By Chad Smart
@chadsmart & @my123cents on Twitter
Last week on From the Rafter’s radio (past episodes available on iTunes) a question was asked whether TNA would get four straight weeks of a rating of at least 1.5 or higher by the end of 2013. Today on the My123 Cents Facebook page, I asked what does TNA need to do to get more people watching. Based on the answers received, I got the feeling a lot of people haven’t watched Impact much in the past 6-9 months as a lot of the criticisms don’t apply to the current product. Being a fan of TNA and wanting to see them succeed, I felt I should address some of the answers and try to clear up some misconceptions about TNA.
GET RID OF ANYONE FANS ASSOCIATE WITH WWE/WCW/ECW: Two years ago I would have agreed with this assessment. Back in 2007 when I was living with my cousin, after watching the Victory Road pay per view, he thought Vince McMahon owned TNA because of all the ex-WWE guys who were on the show. Today, while there are still several ex-WWE/ECW/WCW guys on the roster, I feel for the most part they are being better utilized.
Of all the ex-guys, Mr. Anderson is the only person I can think of that I would cut due to just not being a fan. I also think Kurt Angle needs to freshen up his act as he’s very repetitive these days. Sting is being used in a way that helps elevate younger talent. Bully Ray has reinvented himself and created a completely different persona separate from Bubba Ray Dudley. Devon has been used to help mentor newer talent. Jeff Hardy is arguably the most popular guy on the roster and seems to be motivated and trying to re-establish his reputation after a couple of down years. Chavo Guerrero is still relatively new to TNA but after the way he was used for the last couple years in WWE, I’m hoping he wants to show what he’s capable of inside the ring. Rob Van Dam, while a step slower than he was in his prime is still popular and can put on good matches.
I do wish TNA would not relay on putting titles on ex-WWE guys as soon as they come into the company. For the most part though, established guys are being used to help establish the next generation. That is something I think a lot of fans overlook. If TNA didn’t use any established stars, a lot of fans wouldn’t see the homegrown talent as being very good because they haven’t been in the ring with anyone of note. I once had a friend ask me why he should care about Jerry Lynn appearing on a local indy show because “Lynn didn’t do anything important when he was in WWE.” While I think wrestlers should be able to cement their stature based on their work, there is a section of the fan base that doesn’t care how good a match guys have, if they haven’t heard of at least one of the wrestlers in the match, even though they’re on TV the wrestlers are on the same level as the local indy wrestlers who wrestle on the weekend in front of 30 people.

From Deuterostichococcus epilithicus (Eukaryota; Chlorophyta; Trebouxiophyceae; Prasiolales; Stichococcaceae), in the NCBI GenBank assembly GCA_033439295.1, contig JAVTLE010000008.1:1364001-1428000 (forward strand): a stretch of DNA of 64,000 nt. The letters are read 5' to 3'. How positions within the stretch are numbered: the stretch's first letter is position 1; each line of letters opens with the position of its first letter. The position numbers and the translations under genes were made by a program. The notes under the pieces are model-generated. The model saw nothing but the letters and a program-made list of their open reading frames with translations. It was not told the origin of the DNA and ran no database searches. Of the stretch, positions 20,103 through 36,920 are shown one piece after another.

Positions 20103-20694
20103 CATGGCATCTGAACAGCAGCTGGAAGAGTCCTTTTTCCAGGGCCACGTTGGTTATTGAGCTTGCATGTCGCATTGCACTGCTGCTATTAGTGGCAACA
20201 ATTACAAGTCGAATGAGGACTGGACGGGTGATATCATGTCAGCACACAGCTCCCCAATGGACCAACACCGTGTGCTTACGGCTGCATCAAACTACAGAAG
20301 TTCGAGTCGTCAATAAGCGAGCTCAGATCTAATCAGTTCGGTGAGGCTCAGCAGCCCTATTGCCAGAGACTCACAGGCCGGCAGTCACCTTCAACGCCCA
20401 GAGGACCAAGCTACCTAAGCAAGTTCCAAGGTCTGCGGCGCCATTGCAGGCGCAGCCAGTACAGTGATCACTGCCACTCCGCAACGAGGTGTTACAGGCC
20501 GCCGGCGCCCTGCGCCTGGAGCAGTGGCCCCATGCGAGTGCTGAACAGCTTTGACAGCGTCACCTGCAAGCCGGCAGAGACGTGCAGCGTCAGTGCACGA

In a perfect world, TNA’s roster could exist of only guys they’ve made but this isn’t a perfect world. So TNA uses ex-WWE who fans know as a way to draw an audience and bring in wrestlers who may have wrestled in WWE but didn’t achieve much success and (hopefully) uses them in a way to make them bigger names.
DITCH HOGAN AND ALL THE GUYS OVER 50. FOCUS ON THE YOUNG GUYS: I believe Sting is the only other TNA roster member who is over 50. I just looked up Stings age and was surprised to find out he’s 53. Sting is definitely no spring chicken but he’s also not a broken down relic. To repeat myself from the last section, Sting has been used to help elevate newer talent and he’s not embarrassing himself in matches. Hogan if the General Manager but what separates him from a WWE GM is rarely does he get 20 minutes of in-ring talk time. I feel TNA has done a good job of relegating Hogan to backstage segments, which help propel the storytelling aspect of the show. Even though I wasn’t crazy about Hogan taking out three Aces and Eights members at Bound For Glory, the reaction from the crowd showed fans still like seeing him do his act. Hogan isn’t dominating the show and, say it with me, he is being used to help put over new talent. When he says Matt Morgan, Joey Ryan or Austin Aries are the new generation that tells fan to pay attention to these guys.